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Five-time Tour de France winner Eddy Merckx has shared a memory of Mark Cavendish, the man with whom he now shares the record for most Tour de France stage wins after the latter sprinted to victory on stage 13.
“I haven’t seen him in a long time, but in his first period with Quick-Step Mark Cavendish sometimes slept at my home, with some other riders, during the criteriums,” Merckx told Le Soir. “Mark was the only one who cleaned his room, and left it neat and tidy. A gentleman of exemplary politeness. We don’t really know the character of the man behind the image he presents, but what I get from him in the first place is simply his kindness. He is charming even.”
This comes the morning after Cavendish owned up to having sometimes “been a prick” at the post-stage press conference, which only confirms Merckx’s character analysis – the mask and the man behind it are two different entities. If there’s one thing that’s true about this year’s Tour, it’s that the ‘Manx Missile’s comeback is twofold – physical and mental. In short, he’s happy again.
Merckx too seems happy to see Cavendish back where he belongs, even if it means his stage win record is under serious threat.
“I sleep very well, I have no nightmares!” Merckx joked. “The numbers never stuck in my head, the history of cycling follows its path. It’s all normal, it’s even fun.
“I also hear that Cavendish might be the greatest sprinter of all time, but it’s impossible to say. Compared to the number of 34 victories, it’s clear that mine were obtained on different profiles, but there’s no need to dwell on this. What Cavendish has done is wonderful, he must enjoy it again.”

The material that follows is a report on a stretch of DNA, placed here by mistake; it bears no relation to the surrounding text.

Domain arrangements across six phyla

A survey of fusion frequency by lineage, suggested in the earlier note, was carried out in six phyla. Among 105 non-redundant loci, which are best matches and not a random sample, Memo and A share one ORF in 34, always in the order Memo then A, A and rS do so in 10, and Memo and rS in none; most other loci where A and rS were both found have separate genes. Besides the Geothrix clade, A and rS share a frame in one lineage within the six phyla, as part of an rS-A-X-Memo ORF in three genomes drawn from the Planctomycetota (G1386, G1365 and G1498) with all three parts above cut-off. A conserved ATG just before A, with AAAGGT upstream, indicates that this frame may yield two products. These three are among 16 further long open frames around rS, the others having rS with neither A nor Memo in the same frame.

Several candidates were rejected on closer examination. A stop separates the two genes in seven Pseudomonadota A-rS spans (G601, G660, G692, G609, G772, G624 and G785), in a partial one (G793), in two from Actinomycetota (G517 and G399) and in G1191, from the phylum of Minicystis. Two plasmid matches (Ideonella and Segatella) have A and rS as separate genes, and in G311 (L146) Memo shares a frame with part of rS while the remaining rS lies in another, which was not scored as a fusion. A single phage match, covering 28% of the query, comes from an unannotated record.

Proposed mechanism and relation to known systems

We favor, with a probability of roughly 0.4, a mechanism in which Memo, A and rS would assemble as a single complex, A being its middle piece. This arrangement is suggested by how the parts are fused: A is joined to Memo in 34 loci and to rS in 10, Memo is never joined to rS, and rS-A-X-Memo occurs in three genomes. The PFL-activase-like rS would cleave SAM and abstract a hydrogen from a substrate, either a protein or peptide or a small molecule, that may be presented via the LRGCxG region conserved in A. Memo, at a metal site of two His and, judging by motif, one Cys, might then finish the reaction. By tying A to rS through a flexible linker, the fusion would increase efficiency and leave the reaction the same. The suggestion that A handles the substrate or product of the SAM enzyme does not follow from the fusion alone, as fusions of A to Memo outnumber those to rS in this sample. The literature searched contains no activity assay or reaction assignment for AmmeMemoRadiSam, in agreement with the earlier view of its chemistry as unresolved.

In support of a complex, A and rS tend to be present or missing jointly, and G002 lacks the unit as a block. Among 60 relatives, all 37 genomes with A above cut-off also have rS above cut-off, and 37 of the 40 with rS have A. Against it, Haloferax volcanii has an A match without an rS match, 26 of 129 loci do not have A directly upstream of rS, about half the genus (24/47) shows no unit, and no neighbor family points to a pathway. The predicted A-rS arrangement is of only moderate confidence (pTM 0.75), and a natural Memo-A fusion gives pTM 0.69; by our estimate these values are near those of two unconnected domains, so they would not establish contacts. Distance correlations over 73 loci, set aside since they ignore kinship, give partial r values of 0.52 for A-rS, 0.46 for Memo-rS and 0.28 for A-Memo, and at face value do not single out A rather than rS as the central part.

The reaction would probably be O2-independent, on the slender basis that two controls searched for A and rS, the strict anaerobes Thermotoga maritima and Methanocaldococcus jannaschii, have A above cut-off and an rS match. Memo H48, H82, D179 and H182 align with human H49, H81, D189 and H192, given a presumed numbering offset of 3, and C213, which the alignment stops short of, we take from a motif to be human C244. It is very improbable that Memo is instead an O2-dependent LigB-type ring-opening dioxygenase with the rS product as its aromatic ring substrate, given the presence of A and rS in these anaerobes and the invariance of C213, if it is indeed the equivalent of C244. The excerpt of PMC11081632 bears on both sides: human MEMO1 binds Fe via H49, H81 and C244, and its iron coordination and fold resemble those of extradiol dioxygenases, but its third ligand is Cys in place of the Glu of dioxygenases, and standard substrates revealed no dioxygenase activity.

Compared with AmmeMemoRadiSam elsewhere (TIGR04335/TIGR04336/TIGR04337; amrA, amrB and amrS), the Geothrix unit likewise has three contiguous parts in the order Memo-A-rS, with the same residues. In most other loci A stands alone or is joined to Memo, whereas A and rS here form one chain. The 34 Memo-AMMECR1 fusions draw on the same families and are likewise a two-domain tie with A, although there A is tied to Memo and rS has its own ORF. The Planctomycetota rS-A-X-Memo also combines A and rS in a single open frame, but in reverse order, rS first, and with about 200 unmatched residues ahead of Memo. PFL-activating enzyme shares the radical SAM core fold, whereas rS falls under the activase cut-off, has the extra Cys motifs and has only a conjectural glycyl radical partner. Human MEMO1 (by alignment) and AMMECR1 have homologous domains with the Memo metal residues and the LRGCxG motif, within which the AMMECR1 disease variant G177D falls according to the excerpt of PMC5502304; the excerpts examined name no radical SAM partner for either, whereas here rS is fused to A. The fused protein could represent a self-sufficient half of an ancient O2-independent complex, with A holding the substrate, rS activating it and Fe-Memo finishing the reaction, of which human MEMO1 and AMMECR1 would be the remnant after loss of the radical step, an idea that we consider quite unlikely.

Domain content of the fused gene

Merckx also talked more specifically about Cavendish’s comeback.
“When you see where he was in recent years, he didn’t win any prizes, not even in kermesses. His return to Quick Step has put him back on his feet in every respect and all elements have contributed to his success. He wasn’t going to come to the Tour, Bennett’s withdrawal helped him there and, at the start of the event, the man considered the fastest, Caleb Ewan, fell. It changed everything in the perception of the sprint, both for [Cavendish] and his team. He has no serious competitors individually, and Quick Step has no serious competitors in the sprint train. We say it every year, but I love the way the Belgian team rides.”
Cavendish has won every bunch sprint he’s participated in so far at this Tour. If he and the Deceuninck-QuickStep sprint train can get through the Pyrenees inside the time limit, the green jersey-wearer has two more chances to beat the record, including the fabled sprint up the Champs-Élysées. And Eddy Merckx will apparently be in Paris to see it.